What is Human Geography?

Human geography is a one of the two key branches of geography i.e. physical and human. Many people relate the word ‘Geography’ basically with knowing where things are. For instance, where is Sahara Desert, where is Mount Everest etc.?

Knowing that why do they exist in specific regions is significantly important, too. It is much more than location, place, and names. It is the study of areal differentiation and how and why things differ from place to place. Further it studies, how discernible patterns developed through time.

Based on a systematic approach, we divide geography into two major branches Human and Physical Geography. On the one hand, Physical geography deals with the study of four spheres of the earth’s surface i.e. Lithosphere, Atmosphere, Hydrosphere, and Biosphere. On the other hand, Human geography as second major branch of Geography studies the spatial differentiation and organization of human activity on the earth’s surface.

Click Here for Definition, Nature and Scope of Geomorphology.

Definition of Human Geography

It is the study of the interrelationship between people, place and environment. It also explains that how these relationships vary spatially and temporarily. In other words, it is the science which studies spatial distribution of human beings and cultural facts on the surface of the earth.
Some human geographers, researchers and scholars expressed their views on the definition of human geography as following:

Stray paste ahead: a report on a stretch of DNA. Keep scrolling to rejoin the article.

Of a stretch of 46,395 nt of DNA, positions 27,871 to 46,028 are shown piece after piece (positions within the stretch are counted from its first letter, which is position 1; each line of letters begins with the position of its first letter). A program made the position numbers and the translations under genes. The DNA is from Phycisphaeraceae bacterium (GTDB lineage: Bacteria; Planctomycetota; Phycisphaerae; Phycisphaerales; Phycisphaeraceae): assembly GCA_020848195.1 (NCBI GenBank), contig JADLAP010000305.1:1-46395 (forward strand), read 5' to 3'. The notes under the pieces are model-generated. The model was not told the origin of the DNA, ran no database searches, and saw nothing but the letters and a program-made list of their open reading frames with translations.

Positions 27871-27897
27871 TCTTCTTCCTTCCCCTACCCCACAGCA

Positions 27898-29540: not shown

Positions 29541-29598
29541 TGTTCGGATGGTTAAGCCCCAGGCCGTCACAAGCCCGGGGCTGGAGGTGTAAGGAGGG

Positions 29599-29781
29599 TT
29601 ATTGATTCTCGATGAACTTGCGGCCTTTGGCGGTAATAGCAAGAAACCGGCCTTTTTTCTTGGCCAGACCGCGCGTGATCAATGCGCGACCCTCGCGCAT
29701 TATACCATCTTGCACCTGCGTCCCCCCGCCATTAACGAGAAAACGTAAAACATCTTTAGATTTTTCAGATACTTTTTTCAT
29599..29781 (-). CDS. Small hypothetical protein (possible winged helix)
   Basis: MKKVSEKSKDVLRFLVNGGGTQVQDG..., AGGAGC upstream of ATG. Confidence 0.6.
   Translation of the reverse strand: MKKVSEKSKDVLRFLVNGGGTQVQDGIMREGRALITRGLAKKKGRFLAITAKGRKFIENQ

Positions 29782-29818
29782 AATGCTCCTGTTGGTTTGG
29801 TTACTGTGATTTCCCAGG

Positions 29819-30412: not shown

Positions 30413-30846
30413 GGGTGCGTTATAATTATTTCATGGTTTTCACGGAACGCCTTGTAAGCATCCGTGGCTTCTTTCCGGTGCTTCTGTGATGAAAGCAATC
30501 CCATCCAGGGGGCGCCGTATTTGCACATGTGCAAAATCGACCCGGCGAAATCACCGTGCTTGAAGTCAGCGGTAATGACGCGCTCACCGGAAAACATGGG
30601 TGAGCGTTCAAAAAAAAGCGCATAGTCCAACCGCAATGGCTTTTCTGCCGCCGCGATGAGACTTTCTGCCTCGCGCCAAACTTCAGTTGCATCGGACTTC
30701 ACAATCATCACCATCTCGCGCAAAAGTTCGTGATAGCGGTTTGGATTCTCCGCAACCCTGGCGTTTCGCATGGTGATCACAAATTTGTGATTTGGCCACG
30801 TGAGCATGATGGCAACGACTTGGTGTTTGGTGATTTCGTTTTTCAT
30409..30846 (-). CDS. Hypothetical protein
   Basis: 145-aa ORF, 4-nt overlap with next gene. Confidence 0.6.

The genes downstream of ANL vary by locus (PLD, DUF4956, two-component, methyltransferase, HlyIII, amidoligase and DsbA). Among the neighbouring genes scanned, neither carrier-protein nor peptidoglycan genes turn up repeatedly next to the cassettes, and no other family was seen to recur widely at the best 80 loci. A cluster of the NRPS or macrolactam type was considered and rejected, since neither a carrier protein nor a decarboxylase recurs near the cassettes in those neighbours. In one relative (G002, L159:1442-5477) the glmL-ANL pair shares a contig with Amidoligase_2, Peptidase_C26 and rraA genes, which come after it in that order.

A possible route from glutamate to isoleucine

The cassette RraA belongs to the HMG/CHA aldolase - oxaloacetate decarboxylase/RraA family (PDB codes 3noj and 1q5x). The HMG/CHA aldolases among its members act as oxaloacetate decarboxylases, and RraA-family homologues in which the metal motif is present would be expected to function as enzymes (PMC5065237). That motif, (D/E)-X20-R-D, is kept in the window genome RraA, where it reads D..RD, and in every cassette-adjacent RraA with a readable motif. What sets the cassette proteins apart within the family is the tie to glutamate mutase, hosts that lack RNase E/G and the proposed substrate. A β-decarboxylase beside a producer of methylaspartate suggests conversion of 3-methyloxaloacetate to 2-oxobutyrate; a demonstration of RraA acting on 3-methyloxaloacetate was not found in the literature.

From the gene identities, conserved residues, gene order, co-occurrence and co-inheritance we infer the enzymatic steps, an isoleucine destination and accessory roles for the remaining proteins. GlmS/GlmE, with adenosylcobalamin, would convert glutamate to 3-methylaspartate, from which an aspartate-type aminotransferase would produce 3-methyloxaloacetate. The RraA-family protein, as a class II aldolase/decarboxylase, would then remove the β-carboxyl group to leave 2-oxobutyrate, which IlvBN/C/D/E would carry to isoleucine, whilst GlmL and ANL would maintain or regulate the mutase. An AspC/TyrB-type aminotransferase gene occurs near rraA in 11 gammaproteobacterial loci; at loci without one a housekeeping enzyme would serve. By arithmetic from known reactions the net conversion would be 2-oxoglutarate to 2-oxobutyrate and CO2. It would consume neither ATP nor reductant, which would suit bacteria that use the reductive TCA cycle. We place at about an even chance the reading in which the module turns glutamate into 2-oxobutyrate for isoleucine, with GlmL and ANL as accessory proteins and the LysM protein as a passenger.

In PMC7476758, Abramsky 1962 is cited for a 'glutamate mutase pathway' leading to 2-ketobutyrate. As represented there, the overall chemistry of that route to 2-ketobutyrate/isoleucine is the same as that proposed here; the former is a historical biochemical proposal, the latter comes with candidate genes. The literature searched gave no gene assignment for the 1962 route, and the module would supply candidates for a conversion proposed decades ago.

• According to F. Ratzel (also known as the father of Human geography), “It is the synthetic study of relationship between human societies and earth’s surface”. – Friedrich Ratzel, 1882
  • “It is the study of changing relationship between the unresting man and the unstable earth”. – Ellen Churchill Semple, 1911
  • “Conception resulting from a more synthetic knowledge of the physical laws governing our earth and of the relations between the living beings which inhabit it”. – Paul Vidal de la Blache, 1926
  • “The scientific study of the location of people & activities on the Earth’s surface, where & why human activities are located where they are, reasons geographers look at the world from a spatial perspective & interaction, and diffusion of people & ideas”. – Rubenstein, 1983

With changing philosophy of geography, the definition of human geography is subject to change. Different paradigms in the field control the definition, nature and scope of the subject. According to E.C. Semple and Huntington, it is concerned with the study of relationship between man and the physical environment. Their definitions are dominated by deterministic approach. The definition given by Vidal de La Blache, Demangeon and Brunhes are dominated by possibilist approach.

What is Geography and why do we study it?